About Us


Our History

Our story begins in the Heart

One of the marvelous things about Bocas, is that you can make a big difference with a little work. In the case of Caribbean Coral Restoration, a little work and research turned into a powerful mission and big vision. 


A Year of Growth

With a strong foundation of technique established in the last few years, 2019 was a year of organization growth. We invested in a formal strategy, built a significant number of coral trees, installed several additional reef structures, and have been filling our nursery with coral clones that we have captured from thriving and recovering colonies.

We had our first community build event, established on-going volunteer events, and we’ve been working closely with government and environmental organizations to plan for our future education center and “super reef” installation.

We have also brought on additional team members to help us accomplish our goals. And we have put together some aggressive fundraising goals to help our organization grow even more in 2020.


Ayuda A La Tierra

Organization created by the founder, and after a significant amount of learning about coral restoration, Doug realizes that the organization needed to focus on developing habitats first to be successful. 


Structure Design

A year of experimentation to find the right structure designs and the ideal material types for artificial reef designs. Thanks to a big donation we were able to get MUSA, our outplant pontoon support boat. 


First Reefs Installed

Hanning reef is installed at the nursery location on Solarte and a diversity of fish begin to make the structure home. After some lessons and successes, more structures were added to accelerate positive results.


Coral Nursery

Got permission for coral collection, spent the year finding coral, building trees & preparing for the full scale nursery. Scouting the archipelago for healthy colonies, future installation sites and projects.

Our Origin Story

We all have our favorite vacation or hide-a-way places. It might be a beach or secret fishing hole, a hidden mountain meadow, or an endless prairie of tall grasses waving in the wind. Often, these “comfort” spaces are  emotional grounding zones for us. We cherish our time there, visiting and reconnecting as much as possible.

Then, as we move through life’s journey, it sometimes happens that fate intervenes and we are forced to be absent for several months or even years. When we do return, it is to recapture the magic we once found there.

However, if instead of a sandy, untouched beach we find a resort or housing development or instead of a hidden mountain meadow we find the aftermath of a devastating fire, we cannot help but feel a personal loss with a deep sadness.

For me, this experience was personified by pursuing my professional life in the Mountains of Colorado and visiting the tropical islands of Bocas del Toro, Panama whenever possible. The country, the people and the sea met every criteria of my dream world.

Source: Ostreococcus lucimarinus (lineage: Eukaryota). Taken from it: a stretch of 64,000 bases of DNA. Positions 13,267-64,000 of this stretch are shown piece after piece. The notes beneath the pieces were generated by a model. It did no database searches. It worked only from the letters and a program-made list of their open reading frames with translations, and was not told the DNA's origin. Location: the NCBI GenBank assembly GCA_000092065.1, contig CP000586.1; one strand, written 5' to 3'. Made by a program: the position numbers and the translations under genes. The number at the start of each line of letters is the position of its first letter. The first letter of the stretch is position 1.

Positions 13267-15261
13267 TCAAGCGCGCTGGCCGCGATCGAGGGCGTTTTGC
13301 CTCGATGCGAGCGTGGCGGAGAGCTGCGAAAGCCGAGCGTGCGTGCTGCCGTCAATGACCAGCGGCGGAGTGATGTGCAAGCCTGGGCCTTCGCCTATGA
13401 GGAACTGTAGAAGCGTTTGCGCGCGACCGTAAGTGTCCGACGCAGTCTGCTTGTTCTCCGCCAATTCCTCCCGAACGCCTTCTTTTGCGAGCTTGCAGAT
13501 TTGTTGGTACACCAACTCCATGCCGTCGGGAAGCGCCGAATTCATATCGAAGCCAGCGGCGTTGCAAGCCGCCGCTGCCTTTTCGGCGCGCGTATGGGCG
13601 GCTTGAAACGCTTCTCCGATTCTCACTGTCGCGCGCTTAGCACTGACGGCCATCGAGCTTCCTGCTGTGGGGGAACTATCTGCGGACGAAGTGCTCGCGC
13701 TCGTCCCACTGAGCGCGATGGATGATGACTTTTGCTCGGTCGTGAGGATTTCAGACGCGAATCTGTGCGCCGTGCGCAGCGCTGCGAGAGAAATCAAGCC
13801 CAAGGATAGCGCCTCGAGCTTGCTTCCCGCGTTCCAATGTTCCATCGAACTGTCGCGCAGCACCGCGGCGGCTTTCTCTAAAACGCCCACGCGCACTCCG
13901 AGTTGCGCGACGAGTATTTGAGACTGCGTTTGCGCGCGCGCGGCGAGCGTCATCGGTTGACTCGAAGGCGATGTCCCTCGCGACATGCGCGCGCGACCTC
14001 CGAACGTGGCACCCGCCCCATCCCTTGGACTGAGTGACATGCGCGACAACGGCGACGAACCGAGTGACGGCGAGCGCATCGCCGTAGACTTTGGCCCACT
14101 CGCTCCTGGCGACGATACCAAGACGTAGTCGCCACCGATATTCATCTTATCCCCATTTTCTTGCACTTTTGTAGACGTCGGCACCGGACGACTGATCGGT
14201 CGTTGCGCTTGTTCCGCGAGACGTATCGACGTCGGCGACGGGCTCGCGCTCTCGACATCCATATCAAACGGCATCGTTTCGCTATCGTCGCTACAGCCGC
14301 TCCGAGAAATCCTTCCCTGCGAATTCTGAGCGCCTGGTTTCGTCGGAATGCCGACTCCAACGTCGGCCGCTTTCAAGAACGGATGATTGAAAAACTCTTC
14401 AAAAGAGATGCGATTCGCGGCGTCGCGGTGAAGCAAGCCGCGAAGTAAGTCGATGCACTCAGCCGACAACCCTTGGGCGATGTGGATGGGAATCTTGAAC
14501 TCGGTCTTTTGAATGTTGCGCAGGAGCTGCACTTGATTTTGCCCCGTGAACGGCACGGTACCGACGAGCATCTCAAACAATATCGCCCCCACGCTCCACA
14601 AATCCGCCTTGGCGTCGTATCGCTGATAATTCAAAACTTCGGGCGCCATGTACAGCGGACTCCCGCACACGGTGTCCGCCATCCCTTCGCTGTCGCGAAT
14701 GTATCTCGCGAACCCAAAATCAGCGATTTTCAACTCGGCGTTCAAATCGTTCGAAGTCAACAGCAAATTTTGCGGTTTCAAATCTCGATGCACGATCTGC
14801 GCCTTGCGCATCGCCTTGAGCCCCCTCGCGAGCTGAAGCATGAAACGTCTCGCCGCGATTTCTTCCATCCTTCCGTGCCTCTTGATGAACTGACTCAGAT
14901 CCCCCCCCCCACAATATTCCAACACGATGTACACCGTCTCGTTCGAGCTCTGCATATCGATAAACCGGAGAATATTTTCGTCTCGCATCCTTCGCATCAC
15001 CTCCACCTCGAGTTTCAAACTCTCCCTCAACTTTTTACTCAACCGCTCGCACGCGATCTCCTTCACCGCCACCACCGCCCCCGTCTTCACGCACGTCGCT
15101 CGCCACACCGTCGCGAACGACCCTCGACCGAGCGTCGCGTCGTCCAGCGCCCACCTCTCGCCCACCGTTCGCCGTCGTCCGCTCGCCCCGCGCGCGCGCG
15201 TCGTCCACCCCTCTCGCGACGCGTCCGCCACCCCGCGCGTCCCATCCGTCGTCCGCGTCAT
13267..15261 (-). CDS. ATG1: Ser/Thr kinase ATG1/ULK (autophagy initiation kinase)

However, with each returning trip, I witnessed a decline of the ocean’s diversity and what I had assumed was its inherent beauty. Unfortunately, the seas of my  Caribbean island paradise, once teeming with a kaleidoscope of marine life was faltering and dying.

It took a couple of years to understand that it was not a temporary phenomenon and the reefs as we once knew them were not likely to recover anytime soon. But with knowledge comes power. Thus, when we learned it was a world-wide development and there were people and organizations who were dedicated to the recovery and preservation of marine ecosystems, we chose to become involved.

We realized that we were in a perfect position to take action with that knowledge. So our 20 year-old “vision” of building a home on a tropical island became a much larger project with a much bigger purpose.

Our dream home has become a community of dedicated people working and growing together to run a multi-functional coral nursery. There is an artificial-reef manufacturing facility and a marine education center.

What we have already done in the sea has created a dynamic positive energy that extends beyond the accomplishments we have achieved in the reefs and fisheries of the archipelago.

The excitement is reflected in our growth and we have only just begun.

Doug Marcy

Doug Marcy, Founder

Love for the sea begins here.

At the heart of our organization is a profound love and appreciation for the amazing world under the surface of the sea. 

In witnessing the systemic imbalance where we live, our love for the sea became an organization intent on taking action.

We’re a team of indispensable volunteers, generous experts, astounding apprentices, a motivated board of directors and administration support system that continues to keep pressing our organization ever forward. 

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